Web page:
BEFORE the early 1970s, the uniform fatality of prehospital cardiac arrest led research efforts almost exclusively to the fields of pathology and epidemiology. Then, with the development of community-based emergency medical systems (EMSs), clinical investigators developed an interest in the prognosis and management of survivors of prehospital cardiac arrest. The outcome of these efforts is summarized in this article.
Mechanisms of Prehospital Cardiac Arrest
The majority of prehospital cardiac arrests occur by the mechanism of ventricular fibrillation (VF), but other mechanisms, primarily ventricular tachycardia (VT) and various forms of bradyarrhythmias or asystole,1 also may cause sudden and unexpected cardiovascular collapse. Of 352 consecutive events observed between 1975 and 1978, in which (1) the onset of cardiac arrest was witnessed, (2) the EMS personnel were summoned without delay, and (3) arrival on the scene was documented to have occurred within four minutes of summons (Fig 1), the initial rhythm recorded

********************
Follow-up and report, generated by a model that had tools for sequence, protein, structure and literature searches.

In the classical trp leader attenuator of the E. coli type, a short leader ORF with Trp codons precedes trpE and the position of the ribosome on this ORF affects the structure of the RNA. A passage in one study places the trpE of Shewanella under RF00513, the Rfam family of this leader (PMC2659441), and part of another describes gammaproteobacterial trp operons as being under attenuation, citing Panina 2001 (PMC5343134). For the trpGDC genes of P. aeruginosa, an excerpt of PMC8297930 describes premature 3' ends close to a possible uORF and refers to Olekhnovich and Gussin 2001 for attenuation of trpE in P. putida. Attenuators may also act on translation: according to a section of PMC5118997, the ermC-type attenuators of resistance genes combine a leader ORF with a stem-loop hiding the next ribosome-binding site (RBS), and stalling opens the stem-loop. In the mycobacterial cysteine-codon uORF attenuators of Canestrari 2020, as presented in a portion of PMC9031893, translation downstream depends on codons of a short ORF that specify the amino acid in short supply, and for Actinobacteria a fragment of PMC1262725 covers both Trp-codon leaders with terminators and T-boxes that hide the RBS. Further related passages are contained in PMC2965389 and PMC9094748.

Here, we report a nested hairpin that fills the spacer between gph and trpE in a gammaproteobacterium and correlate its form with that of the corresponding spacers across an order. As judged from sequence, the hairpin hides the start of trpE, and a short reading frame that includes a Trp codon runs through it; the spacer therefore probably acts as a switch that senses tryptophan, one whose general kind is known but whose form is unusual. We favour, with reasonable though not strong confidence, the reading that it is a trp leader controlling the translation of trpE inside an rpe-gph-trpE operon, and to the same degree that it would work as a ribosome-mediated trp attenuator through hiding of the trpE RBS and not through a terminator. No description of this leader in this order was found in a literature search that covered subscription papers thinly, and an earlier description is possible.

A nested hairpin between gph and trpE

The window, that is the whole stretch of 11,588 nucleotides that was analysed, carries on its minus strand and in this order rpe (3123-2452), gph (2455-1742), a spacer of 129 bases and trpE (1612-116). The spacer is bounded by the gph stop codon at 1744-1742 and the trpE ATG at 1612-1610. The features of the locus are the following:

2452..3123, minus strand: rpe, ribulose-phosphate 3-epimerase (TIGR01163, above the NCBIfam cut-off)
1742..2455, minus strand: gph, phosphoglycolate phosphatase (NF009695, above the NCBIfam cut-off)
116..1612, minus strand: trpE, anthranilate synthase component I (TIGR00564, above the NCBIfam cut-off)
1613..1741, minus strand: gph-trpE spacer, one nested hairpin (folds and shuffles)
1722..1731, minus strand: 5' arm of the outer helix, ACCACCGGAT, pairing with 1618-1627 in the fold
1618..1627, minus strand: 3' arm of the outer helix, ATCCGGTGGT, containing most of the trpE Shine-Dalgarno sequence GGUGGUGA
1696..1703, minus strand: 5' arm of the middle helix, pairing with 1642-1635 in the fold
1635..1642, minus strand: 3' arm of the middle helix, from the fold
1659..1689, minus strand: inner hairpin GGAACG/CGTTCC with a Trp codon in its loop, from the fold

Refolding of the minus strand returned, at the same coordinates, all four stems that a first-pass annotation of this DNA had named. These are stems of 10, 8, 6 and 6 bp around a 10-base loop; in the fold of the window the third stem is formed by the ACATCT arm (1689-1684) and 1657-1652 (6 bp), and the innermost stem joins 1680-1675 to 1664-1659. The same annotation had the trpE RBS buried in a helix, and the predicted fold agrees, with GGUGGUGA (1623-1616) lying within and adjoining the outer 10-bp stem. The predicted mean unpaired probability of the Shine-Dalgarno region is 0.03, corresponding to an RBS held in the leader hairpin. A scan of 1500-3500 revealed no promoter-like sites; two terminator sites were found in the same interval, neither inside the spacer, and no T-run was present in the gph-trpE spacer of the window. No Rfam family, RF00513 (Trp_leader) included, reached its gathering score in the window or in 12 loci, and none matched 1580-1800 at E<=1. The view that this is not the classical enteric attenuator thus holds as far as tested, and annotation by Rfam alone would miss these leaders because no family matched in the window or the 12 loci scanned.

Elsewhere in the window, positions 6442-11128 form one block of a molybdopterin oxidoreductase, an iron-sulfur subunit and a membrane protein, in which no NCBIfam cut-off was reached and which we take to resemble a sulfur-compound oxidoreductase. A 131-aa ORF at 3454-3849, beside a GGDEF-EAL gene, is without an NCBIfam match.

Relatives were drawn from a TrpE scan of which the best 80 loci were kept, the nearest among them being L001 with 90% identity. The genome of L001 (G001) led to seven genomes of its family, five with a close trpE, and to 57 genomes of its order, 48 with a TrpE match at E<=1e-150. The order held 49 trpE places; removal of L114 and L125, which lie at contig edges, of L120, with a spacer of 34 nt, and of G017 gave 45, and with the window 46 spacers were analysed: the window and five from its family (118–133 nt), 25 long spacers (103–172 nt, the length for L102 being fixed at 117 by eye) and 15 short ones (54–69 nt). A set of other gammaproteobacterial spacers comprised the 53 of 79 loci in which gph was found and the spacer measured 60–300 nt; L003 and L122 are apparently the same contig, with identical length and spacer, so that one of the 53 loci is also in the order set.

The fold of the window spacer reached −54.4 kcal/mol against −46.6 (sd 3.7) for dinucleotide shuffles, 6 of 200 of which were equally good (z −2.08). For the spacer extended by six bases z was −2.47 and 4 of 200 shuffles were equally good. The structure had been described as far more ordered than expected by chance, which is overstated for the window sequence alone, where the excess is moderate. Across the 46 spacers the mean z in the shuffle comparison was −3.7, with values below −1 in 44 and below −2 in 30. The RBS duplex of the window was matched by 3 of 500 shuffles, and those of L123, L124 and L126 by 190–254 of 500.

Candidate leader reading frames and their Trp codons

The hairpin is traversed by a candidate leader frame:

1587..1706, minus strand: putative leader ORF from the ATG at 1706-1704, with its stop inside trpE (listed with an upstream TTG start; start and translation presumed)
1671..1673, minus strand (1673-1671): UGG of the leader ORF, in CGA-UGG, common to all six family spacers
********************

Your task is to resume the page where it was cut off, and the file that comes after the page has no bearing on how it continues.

Myerburg RJ, Kessler KM, Zaman L, Conde CA, Castellanos A. Survivors of Prehospital Cardiac Arrest. JAMA. 1982;247(10):1485–1490. doi:10.1001/jama.1982.03320350081041
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